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New High-Tech 'Sports Districts' Seen as Winning Strategy for Developers

Surrounding CRE Development, Tech Investment Seen as 'Secret Sauce' for Drawing Fans to Mixed-Use Sports Districts
October 19, 2017
A new $525 million arena for the NBA's Milwaukee Bucks will include an entertainment block, beer garden and plenty of technological bells and whistles.
A new $525 million arena for the NBA's Milwaukee Bucks will include an entertainment block, beer garden and plenty of technological bells and whistles.
Live-action sports are finally coming to Las Vegas, which until recently was one of the largest major U.S. markets without a major-league sports franchise. Yesterday MGM Resorts International announced that it purchased the WNBA's San Antonio Stars and will move the team to Las Vegas, joining the Golden Knights NHL franchise, which makes its debut this season.

Also, retail developer Howard Hughes Corp. (NYSE: HHC) recently revealed plans to build a new 10,000-seat ballpark for the Las Vegas 51s, its Triple-A affiliate of the New York Mets, to be located in the company's massive master-planned community in Summerlin.

And that's not even counting the pending relocation to Las Vegas of the NFL's Oakland Raiders, slated to begin playing in a new 65,000-seat, $2 billion domed stadium in 2020 or 2021. Nevada transportation officials recently began planning about $900 million in infrastructure improvements near the 62-acre site along Russell Road. But that may be the tip of the iceberg compared with the total retail, dining, hotel and residential development planned around the new sports venues.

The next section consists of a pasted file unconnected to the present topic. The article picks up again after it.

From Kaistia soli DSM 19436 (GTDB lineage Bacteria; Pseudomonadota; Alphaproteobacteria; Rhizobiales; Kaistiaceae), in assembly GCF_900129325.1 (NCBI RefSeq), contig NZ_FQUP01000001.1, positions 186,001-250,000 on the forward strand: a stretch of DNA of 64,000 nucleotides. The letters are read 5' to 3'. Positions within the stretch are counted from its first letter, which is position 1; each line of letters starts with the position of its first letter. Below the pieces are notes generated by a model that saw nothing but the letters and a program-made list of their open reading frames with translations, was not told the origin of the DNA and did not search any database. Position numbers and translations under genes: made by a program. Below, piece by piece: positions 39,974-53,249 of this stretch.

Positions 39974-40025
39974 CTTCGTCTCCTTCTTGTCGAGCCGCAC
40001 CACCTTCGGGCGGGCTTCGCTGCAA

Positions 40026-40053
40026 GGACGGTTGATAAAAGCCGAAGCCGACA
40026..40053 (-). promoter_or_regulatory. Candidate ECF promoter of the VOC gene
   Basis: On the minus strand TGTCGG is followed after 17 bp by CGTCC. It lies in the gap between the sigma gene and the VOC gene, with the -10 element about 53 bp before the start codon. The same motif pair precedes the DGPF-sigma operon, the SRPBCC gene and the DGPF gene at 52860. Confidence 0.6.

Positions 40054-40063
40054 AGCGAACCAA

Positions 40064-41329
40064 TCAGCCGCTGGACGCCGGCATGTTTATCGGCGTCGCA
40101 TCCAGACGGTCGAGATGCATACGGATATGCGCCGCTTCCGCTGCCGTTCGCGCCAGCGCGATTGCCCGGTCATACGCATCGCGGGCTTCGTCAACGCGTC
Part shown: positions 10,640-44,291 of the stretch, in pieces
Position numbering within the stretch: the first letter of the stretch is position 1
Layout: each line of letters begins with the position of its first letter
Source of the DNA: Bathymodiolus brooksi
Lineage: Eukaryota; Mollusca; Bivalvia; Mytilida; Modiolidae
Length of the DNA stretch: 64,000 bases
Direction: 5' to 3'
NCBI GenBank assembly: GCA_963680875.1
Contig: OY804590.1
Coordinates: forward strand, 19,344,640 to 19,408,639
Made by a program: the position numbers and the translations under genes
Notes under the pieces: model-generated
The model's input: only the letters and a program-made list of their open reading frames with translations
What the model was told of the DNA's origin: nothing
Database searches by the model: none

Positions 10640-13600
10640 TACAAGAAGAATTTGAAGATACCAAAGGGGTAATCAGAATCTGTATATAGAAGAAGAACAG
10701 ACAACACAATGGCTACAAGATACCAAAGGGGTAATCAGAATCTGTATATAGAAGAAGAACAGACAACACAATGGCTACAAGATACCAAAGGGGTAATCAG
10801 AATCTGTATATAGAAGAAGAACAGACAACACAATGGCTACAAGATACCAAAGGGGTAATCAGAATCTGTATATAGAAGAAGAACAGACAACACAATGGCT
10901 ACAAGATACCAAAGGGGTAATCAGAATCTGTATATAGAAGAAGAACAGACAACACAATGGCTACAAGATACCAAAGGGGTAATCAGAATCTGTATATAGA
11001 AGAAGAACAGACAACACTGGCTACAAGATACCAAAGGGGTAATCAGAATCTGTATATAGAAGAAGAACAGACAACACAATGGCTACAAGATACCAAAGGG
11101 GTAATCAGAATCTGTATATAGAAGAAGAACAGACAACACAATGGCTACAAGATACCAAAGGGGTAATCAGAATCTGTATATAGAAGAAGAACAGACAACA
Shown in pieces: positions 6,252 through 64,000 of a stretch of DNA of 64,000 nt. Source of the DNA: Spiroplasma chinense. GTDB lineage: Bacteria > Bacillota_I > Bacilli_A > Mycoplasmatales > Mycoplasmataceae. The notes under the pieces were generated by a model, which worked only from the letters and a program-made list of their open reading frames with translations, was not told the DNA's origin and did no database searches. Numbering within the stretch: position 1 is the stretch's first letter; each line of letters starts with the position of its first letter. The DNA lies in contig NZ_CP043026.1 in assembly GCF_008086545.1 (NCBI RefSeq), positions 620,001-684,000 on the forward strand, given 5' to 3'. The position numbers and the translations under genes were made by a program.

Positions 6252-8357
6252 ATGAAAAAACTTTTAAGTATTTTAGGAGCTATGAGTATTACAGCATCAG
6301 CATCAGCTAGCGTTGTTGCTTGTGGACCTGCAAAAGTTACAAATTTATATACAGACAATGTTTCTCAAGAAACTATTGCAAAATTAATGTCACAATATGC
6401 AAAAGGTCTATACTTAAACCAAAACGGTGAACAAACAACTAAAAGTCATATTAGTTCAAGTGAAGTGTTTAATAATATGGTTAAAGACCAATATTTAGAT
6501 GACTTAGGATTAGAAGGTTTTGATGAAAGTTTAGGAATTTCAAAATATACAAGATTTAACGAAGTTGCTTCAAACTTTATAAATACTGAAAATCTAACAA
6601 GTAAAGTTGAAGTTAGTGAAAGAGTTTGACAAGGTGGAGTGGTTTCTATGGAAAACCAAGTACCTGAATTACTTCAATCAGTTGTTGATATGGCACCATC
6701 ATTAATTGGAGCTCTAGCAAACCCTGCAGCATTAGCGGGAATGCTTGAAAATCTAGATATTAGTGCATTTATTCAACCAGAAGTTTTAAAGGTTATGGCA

Across the U.S., real estate companies ranging from large REITs and entertainment companies to private local and regional developers - often team owners themselves, such as Los Angeles Rams owner and developer Stan Kroenke, and Cleveland Cavaliers owner and Quicken Loans founder Dan Gilbert - are driving construction or renovations of sports stadiums and arenas -- and the surrounding mixed-use entertainment districts that spring up around them.

Total spending on stadium construction reached a record high of $10 billion on a moving 12-month basis last June, according to a recent report by Wells Fargo Securities.
And much of the financing for the development surge is coming from private sources rather than public funding used to finance projects in the past.
Teams Ramp Up Tech, Luxury Box Spending



Private financing has also provided teams with the opportunity to enhance the “in-venue” fan experience in an attempt to help combat sagging attendance by luring fans out of their living rooms and sports bars, including higher investments in technology and premium seating, Wells Fargo said.

The 2009 construction of the $1.3 billion AT&T stadium, home of the Dallas Cowboys, sparked a trend toward massive 360-degree HD video boards, 3D projection, retractable stadium roofs, and age-check verification software for beer vendors, development of cell phone apps and free Wi-Fi for fans to check their fantasy league scores and post on social media.

Following suit, the San Francisco 49ers' new Levi’s Stadium, located in the Silicon Valley hub of Santa Clara, includes 70 miles of wiring throughout the stadium supporting 1,200 distributed antenna systems, bringing 40 times more Internet bandwidth to fans in their seats than any other stadium in the U.S.